But now in season 4 you have taken it to new heights. The Into The Woods episodes part I and II are more like a brilliant indie film than a brilliant tv show. You work has no boundaries, you are setting a new bar for tv and artists. You are doing what every artist dreams of, doing exactly what you fell like, or so it seems. On top of being a mind blowing gorgeously told and acted and directed story, full of humor and truth and empathy, you go on to end it with a therapist lovingly telling a kid that the kid is not a bad person, that he just made bad choices and that he made those choices for good reasons, and that he just needs to make better choices and then you fade to black and dedicate it to Philip Hoffman. How empathetic and classy and beautiful. I am in awe. I am in awe.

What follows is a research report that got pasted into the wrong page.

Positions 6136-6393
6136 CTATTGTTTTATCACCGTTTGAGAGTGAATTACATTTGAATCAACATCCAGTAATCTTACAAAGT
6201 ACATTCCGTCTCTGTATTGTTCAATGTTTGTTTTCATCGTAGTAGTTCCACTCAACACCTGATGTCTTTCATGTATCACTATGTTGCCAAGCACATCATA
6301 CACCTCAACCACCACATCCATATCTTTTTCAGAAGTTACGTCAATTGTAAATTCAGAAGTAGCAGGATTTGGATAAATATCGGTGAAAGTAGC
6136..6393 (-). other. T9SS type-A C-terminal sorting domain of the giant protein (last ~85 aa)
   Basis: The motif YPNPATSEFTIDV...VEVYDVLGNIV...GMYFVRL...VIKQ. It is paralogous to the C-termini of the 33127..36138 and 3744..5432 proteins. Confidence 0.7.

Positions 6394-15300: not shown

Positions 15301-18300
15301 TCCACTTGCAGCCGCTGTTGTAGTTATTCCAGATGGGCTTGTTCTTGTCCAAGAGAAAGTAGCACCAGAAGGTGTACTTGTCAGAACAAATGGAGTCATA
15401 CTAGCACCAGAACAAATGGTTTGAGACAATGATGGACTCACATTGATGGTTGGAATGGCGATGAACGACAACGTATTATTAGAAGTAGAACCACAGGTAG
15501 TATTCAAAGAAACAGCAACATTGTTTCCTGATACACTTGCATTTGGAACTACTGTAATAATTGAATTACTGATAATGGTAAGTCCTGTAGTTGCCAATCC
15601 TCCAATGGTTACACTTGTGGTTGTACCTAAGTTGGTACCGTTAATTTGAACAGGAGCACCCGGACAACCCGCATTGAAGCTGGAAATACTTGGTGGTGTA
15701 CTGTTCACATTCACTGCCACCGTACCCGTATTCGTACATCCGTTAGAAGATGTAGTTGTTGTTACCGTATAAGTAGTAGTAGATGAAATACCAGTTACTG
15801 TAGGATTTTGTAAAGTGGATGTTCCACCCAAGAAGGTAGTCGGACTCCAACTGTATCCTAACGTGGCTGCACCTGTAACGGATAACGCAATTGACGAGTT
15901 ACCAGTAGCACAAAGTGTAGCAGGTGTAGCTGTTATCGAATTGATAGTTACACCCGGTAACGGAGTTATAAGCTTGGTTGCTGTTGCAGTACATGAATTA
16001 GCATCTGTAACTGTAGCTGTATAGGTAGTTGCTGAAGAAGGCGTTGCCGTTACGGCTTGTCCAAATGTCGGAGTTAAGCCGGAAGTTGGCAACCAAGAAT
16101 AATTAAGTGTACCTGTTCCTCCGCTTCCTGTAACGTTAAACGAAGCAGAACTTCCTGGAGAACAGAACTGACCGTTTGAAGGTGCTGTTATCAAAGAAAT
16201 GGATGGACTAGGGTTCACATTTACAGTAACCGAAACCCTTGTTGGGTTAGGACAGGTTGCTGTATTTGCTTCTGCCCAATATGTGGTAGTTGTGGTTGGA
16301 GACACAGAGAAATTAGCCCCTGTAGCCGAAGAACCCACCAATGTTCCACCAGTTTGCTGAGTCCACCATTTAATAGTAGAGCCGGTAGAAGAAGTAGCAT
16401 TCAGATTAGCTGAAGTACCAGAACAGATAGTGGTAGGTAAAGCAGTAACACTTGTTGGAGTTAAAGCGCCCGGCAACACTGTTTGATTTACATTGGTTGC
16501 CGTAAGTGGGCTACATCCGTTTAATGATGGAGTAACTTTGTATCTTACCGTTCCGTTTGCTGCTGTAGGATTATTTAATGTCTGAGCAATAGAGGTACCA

That episode also happened to be filmed in Cardinal Spellman, the catholic high school that I attended for 2 years before being kicked out for being “punk.” So it was even more personal and perfect.

I am thrilled that you exist as a creative force in this world. Thank you !!

Monday, April 20, 2015

public school

my parents sent me to catholic school not because they were religious but because it was the better than the public schools of upper manhattan in the 1970’s where kids apparently stole the shoes off of your feet if they wanted them. That’s what they told me anyway. I did ok in catholic grammar school but by high school I could not deal so I went to private school on scolarship for my last two years of school. I am that person, the one who cannot deal with the bullshit of the real world. I have never been good at it and still am not and now I am sending my daughter to public school in an attempt to have her socialize with a diverse crowd of regular kids. I love the idea but…